Ode to timeless brilliance
Often phenomenal scientific advancements and pathbreaking discoveries with a tremendous potential fail to make an indelible impression on the common...
Often phenomenal scientific advancements and pathbreaking discoveries with a tremendous potential fail to make an indelible impression on the common man. Plagued by the absence of meticulous minds that can translate wonders of science into simple words, innumerable contributions of ingenious intellects remain obscure.
Endowed with a unique combination of brilliance and humour, Cosmologist and inveterate science populariser, Stephen Hawking set a new precedent in scientific outreach. Born on the 300th birth anniversary of Galileo, Hawking breathed last on International Pi Day and Albert Einstein’s birthday, seems a cosmic connivance to pay homage to science’s brightest star.
Demystifying the complex theories of Universe, Hawking, educated people about science and emerged as a new phenomenon and a celebrity scientist. Besides shaping the modern-day Cosmology with his scientific insights, he inspired millions of people.
Trumping the debilitating illness which confined him to a wheelchair for over five decades, he exuded rare brilliance and relentlessly engaged in scientific pursuits and popularisation of science. Unshaken by the disability inflicted by a rare disease, ALS (Amyotrophic Lateral Sclerosis) or Lou Gehrig’s syndrome, that gradually cripples brain-muscle coordination at a young age of 21, he made seminal contributions to the field of Cosmology. Defying doctors’ prognosis of survival for few years, he lived for the next 50 years.
His first breakthrough, Hawking’s radiation in 1970 that postulated black holes emit radiations but will lose energy and then disappear created ripples in the scientific field. This was against Quantum mechanics, which propounded that energy/information can’t be lost. This black hole paradox has created a vertical split among Astro-Physicists. Hawking believed blackhole may have the head of hairs while the other group backed the no-hair model based on Einstein’s theory of relativity.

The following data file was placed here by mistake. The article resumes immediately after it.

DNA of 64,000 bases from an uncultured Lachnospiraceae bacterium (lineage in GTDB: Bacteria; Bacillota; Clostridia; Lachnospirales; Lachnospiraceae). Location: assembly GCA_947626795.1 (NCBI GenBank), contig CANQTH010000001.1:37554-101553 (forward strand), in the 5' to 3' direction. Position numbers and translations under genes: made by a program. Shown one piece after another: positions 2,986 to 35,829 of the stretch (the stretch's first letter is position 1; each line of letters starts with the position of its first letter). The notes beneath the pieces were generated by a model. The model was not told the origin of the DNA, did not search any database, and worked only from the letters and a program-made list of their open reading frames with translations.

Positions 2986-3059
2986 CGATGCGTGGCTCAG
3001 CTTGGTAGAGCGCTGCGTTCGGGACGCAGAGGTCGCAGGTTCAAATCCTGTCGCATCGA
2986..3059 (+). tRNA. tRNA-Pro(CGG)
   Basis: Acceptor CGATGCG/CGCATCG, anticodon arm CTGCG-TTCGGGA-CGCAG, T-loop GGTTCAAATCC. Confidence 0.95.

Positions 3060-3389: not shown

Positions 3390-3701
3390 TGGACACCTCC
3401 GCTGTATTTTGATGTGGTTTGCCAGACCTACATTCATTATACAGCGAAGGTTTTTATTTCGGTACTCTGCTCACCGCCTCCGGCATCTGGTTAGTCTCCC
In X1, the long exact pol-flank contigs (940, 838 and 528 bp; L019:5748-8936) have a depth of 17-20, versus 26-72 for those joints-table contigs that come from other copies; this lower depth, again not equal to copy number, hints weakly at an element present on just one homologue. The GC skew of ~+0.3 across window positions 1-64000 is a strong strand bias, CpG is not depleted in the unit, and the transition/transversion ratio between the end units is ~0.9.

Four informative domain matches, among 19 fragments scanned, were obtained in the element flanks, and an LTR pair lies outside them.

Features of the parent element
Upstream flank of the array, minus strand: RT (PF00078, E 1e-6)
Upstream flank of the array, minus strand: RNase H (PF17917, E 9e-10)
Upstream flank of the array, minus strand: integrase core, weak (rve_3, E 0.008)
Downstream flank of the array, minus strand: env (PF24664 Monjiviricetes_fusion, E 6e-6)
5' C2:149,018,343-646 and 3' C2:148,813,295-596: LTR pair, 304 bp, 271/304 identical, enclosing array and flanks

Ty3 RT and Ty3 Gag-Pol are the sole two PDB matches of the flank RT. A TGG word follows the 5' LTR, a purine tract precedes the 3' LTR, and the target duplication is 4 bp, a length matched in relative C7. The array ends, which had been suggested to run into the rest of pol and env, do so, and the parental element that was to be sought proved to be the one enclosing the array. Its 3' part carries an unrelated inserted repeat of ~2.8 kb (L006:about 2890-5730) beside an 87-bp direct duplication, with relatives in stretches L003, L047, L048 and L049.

In 2015, revising his own calculations, Hawking proposed the concept of soft hair on blackholes indicating that information doesn’t disappear in blackhole but is stored at the event horizon. Not all physicists were convinced of this new description. But the crux of the issue is that he has been tirelessly working on the black hole paradox for over 45 years despite living in the shadow of death.
ALS left him completely paralyzed reducing the bodily control to flexing of a finger, movement of eyes but mental faculties were intact. He lost his voice muscles progressively and for the last three decade, he has been communicating through an exclusive voice synthesiser.
Hawking’s absolute determination, indomitable will and single-minded approach to unravel mysteries of Universe have propelled him to make radical discoveries earning him a place in Royal Society at a young age of 32. He became Lucasian Professor of Mathematics at Cambridge, a post previously held by Sir Isaac Newton, Charles Babbage, and Paul Dirac, one of the founding fathers of Quantum Mechanics when he was 37 years old. He revolutionised the field of Cosmology with dynamic ideas.
In 1982 he showed that Quantum fluctuations or minute variations in the distribution of matter seeded the formation of stars and planets. While Hawking’s seminal discoveries in Cosmology elevated him to towering heights in a scientific field, his book, “A brief history of time” published in 1988 catapulted him to stardom and immense popularity.